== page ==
The plan was to lure Barber to the end of his walkway, police said. That way, one tactical team could toss a diversionary flash-bang grenade to his right while a second team could shoot him with nonlethal heavy rubber bullets and a third, fully armed arrest team could move in unnoticed from the left.

Commanders put Barber's pastor, who had been trying to talk with him on the phone, in an armored personnel carrier and drove him up to Barber's house -- a move that police said was "extraordinary." When the pastor told Barber that he could not step onto the porch, Barber began to curse at him, yelling, "You've betrayed my trust," officers said.

Not long afterward, Barber came to the end of his walkway and pointed his gun at a robot that had been sent up to the home. The head of the arrest team gave the order to move.

Then, one member of the team accidentally bumped the car they had been hiding behind, setting off the car alarm. Barber, instead of looking to his right, looked in the direction of the noise to his left and saw the approaching arrest team. He turned toward them and raised his gun about shoulder height, pointing straight in the air.

The lead officer "felt a feeling beyond fear, more like dread," said Lt. Hassan Aden, who presented the police's internal investigation to the commission. "He knew that one of them was going to get shot. He waited and waited and waited until he couldn't wait."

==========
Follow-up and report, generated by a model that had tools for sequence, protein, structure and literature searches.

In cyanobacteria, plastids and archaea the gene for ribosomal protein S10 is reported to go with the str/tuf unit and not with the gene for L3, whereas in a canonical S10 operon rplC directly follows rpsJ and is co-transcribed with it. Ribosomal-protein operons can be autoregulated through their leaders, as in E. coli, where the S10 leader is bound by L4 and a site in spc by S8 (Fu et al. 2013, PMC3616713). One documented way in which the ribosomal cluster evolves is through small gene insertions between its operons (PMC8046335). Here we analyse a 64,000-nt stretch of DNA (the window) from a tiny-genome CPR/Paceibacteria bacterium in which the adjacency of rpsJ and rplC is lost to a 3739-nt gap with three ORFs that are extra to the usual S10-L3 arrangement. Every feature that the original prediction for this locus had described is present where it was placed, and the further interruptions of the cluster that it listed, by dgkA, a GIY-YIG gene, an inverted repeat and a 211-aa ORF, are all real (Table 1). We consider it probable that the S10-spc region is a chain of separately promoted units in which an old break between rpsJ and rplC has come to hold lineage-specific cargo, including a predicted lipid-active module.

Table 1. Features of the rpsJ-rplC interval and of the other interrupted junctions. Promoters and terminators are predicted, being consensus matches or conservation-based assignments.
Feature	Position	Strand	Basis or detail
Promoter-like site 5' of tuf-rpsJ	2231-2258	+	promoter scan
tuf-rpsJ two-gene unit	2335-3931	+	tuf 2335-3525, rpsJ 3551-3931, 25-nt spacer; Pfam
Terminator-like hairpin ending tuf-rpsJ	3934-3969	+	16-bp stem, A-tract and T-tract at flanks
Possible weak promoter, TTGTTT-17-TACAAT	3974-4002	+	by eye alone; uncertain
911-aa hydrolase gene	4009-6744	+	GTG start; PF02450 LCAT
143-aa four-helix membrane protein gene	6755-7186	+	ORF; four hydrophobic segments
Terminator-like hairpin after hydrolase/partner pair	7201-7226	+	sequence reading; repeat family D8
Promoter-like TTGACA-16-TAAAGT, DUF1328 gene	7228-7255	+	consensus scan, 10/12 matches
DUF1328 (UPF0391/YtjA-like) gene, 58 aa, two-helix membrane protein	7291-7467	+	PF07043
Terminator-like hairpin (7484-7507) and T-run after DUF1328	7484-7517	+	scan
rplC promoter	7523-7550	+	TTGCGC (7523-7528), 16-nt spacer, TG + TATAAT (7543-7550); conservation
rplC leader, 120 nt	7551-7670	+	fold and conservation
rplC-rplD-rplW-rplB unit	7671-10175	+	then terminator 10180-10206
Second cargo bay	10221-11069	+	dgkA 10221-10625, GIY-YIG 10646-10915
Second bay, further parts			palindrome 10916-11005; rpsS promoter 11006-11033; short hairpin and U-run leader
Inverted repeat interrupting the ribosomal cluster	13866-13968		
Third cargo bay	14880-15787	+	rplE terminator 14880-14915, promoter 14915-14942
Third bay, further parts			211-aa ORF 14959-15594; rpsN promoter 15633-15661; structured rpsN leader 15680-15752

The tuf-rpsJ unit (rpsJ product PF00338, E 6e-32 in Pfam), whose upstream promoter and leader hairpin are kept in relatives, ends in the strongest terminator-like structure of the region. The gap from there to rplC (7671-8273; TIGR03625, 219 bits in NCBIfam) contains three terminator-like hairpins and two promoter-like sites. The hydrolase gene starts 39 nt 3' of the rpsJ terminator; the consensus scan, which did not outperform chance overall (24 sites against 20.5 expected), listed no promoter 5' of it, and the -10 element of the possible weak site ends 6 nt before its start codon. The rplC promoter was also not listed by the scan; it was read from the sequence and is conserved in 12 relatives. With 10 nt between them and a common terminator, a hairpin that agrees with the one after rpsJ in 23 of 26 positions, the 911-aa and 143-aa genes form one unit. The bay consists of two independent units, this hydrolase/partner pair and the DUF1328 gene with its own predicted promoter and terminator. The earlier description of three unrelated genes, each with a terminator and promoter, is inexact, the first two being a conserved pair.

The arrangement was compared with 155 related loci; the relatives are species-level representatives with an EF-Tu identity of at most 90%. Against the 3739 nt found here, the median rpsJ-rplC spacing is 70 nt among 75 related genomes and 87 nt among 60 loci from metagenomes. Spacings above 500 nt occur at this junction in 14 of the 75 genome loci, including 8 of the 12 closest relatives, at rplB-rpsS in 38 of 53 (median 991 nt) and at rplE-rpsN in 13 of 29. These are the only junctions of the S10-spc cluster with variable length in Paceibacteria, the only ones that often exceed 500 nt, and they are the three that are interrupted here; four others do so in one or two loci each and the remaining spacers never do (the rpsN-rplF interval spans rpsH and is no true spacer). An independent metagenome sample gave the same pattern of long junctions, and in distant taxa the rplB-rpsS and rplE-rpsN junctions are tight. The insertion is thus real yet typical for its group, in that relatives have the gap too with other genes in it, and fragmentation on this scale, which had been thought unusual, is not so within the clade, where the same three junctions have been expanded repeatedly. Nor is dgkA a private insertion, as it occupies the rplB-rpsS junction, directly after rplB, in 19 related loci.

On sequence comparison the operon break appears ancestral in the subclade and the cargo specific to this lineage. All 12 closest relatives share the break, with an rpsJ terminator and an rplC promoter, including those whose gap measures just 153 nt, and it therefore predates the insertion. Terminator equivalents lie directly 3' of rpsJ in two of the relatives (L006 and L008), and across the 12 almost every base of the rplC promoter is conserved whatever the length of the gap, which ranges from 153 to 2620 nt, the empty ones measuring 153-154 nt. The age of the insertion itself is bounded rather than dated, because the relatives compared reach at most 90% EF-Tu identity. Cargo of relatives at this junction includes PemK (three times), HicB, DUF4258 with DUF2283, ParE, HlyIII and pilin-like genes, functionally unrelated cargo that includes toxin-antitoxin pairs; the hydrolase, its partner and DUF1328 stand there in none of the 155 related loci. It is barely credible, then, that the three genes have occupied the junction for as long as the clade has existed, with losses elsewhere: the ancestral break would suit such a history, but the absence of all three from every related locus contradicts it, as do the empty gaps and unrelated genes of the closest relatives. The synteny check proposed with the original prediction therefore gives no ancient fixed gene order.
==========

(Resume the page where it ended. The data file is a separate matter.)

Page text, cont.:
The officer fired. Then the flash-bang grenade went off. The team with the rubber bullets, unable to get to the porch, never got a clear shot through the magnolia tree, Aden said.

"What went wrong is not the plan," Samarra said. "What went wrong is Mr. Barber turned."

Aden's presentation shed new light on what he described as a tragic event for everyone involved -- Barber, his family and friends and the officers themselves.

The day of the abduction, Barber called Philip's caregiver and asked her to become Philip's legal guardian and raise him as a good Christian. Barber then confronted his wife, who was with the boy outside the Rock It Grill, where she worked.

Robin Barber put Philip into her car. Lewis Barber, a Civil War reenactor, pulled from his car a .44-caliber single-action pistol fashioned to look like an 1860s-era gun, cocked it, and pointed it at her. She ran down the street, leaving the child in the car.

That night, as police officers cordoned off the area around Barber's home, evacuated neighbors, set up sniper positions and began ringing his phone to get Barber to talk, Barber wrote what police described as a suicide note.

He willed possessions to members of his family. "To my wife, I leave nothing but disdain," he wrote, misspelling "disdain" several times. "Your vows were unkept. Your love was not for me or our son. Only yourself. Die old and alone." He then crossed out "old and."

"I regret that I will not be here to finish my journey," he wrote. "I haven't the patience to play silly games with silly people. God is my judge. What I have done may seem rash and stupid, but when I saw my son, there was no choice. I will not play paper games, so when P goes to school tomorrow, I will die."

The next morning, during the standoff, Barber used his cell phone to tell Philip's caregiver to come and take the boy to school. Negotiations fell apart, police said, when Barber insisted that she come alone to the porch to get the boy.